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Gender Internship Cultivates Interest in Effective Utilization of Energy

Gender Internship Cultivates Interest in Effective Utilization of Energy

Through her studies in electrical engineering at the University of Dar Es Salaam, Jessica Nickson Sanga built an interest in conservation and the effective utilization of energy. These, she says, “are keys to sustainable development.” 

Her internship with Tanzania’s Energy and Water Utilities Regulatory Authority (EWURA), she says, increased her interest in energy and inspired her to gain more knowledge. Following the internship, she plans to further study both energy and economics “to ensure that energy development is achieved within Africa.”

Jessica was a participant in the Women in Energy Regulation Internship Program, which fosters interest and advances career opportunities for young women in energy regulation. Supported by USAID’s Energy Division and Power Africa and implemented by the National Association of Regulatory Utility Commissioners (NARUC), the program aims to help young women in emerging economies build necessary skills to pursue careers at regulatory agencies, electric utilities and other organizations.

Please enjoy this post, the fourth in our series highlighting participants in the Women in Energy Regulation Internship Program. NARUC will continue to monitor the academic and professional trajectories of these young women, as there is little doubt that they will chart impressive paths in their careers.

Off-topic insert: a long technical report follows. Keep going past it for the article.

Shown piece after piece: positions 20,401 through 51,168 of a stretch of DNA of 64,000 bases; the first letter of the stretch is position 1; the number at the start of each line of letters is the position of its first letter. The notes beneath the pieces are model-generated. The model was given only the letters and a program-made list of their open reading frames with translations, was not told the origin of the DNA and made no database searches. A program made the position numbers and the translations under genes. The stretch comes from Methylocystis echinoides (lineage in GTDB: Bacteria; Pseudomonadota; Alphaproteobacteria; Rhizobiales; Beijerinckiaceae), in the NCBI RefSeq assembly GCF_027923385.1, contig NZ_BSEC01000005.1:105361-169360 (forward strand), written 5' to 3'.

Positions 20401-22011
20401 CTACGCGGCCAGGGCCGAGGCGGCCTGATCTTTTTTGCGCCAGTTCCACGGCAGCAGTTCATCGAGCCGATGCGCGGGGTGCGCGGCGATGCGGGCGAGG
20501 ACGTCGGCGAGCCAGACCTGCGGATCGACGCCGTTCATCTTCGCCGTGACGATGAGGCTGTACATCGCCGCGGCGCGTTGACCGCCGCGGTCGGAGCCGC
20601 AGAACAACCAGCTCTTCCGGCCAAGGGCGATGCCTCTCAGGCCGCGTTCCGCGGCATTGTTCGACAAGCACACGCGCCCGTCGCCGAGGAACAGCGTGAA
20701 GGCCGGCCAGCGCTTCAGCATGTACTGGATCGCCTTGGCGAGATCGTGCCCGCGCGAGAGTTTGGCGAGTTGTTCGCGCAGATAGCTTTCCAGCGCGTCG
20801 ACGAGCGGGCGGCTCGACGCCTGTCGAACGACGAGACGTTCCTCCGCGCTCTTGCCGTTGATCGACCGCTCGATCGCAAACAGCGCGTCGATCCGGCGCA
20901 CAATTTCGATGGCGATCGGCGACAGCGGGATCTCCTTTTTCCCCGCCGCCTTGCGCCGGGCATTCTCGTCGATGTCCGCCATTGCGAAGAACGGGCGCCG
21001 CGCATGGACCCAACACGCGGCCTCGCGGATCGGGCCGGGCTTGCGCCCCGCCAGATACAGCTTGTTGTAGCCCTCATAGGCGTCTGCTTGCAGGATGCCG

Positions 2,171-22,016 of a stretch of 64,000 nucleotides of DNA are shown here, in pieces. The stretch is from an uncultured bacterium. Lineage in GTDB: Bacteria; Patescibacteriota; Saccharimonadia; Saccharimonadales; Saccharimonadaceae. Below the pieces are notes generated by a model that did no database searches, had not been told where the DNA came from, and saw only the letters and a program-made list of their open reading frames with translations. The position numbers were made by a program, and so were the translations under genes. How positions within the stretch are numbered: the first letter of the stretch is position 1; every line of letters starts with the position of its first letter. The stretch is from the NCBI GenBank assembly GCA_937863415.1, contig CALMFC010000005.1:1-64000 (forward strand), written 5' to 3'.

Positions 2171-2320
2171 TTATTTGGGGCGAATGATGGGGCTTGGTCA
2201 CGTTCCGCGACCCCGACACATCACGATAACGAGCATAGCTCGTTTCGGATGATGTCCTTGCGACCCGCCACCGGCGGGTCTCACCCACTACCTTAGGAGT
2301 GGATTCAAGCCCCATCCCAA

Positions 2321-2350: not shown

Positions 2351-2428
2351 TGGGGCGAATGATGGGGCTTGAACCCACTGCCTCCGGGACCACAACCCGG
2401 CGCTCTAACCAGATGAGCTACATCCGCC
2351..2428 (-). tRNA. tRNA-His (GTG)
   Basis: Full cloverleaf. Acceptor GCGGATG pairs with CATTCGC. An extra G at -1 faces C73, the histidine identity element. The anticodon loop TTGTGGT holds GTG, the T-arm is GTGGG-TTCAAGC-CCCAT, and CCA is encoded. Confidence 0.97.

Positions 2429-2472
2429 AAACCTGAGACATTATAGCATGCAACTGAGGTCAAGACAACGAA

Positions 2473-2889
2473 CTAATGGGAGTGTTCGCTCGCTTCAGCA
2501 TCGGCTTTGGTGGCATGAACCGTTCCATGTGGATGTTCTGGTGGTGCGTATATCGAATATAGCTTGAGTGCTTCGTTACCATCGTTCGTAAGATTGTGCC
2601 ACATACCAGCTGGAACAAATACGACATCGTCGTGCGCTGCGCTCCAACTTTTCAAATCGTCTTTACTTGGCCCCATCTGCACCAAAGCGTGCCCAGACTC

The internship program has thus far supported four young women in Kenya and Tanzania to receive hands-on training and experience in energy regulation. In the coming year, NARUC plans to implement the program with additional commissions through our bilateral partnership programs, supported by USAID Mission funding. 

Through her internship, Jessica  received training, participated in hearings and contributed to important projects at EWURA. For instance, she participated in the drafting of upcoming rules for compressed natural gas supply and marketing, including on construction, licensing, and environmental protection. She also worked on EWURA’s review of key financial and regulatory accounting information from power providers and helped inspect a substation that was damaged in a fire.

NARUC will continue to monitor the academic and professional trajectories of Jessica and her pilot cohort as they continue to build the skills and experience necessary to have successful careers within the energy sector. There is little doubt that these inspiring young women will chart impressive paths, and NARUC looks forward to facilitating opportunities for more interns to follow their example.
 

The contents of this post are the responsibility of NARUC and do not necessarily reflect the views of the United States Government.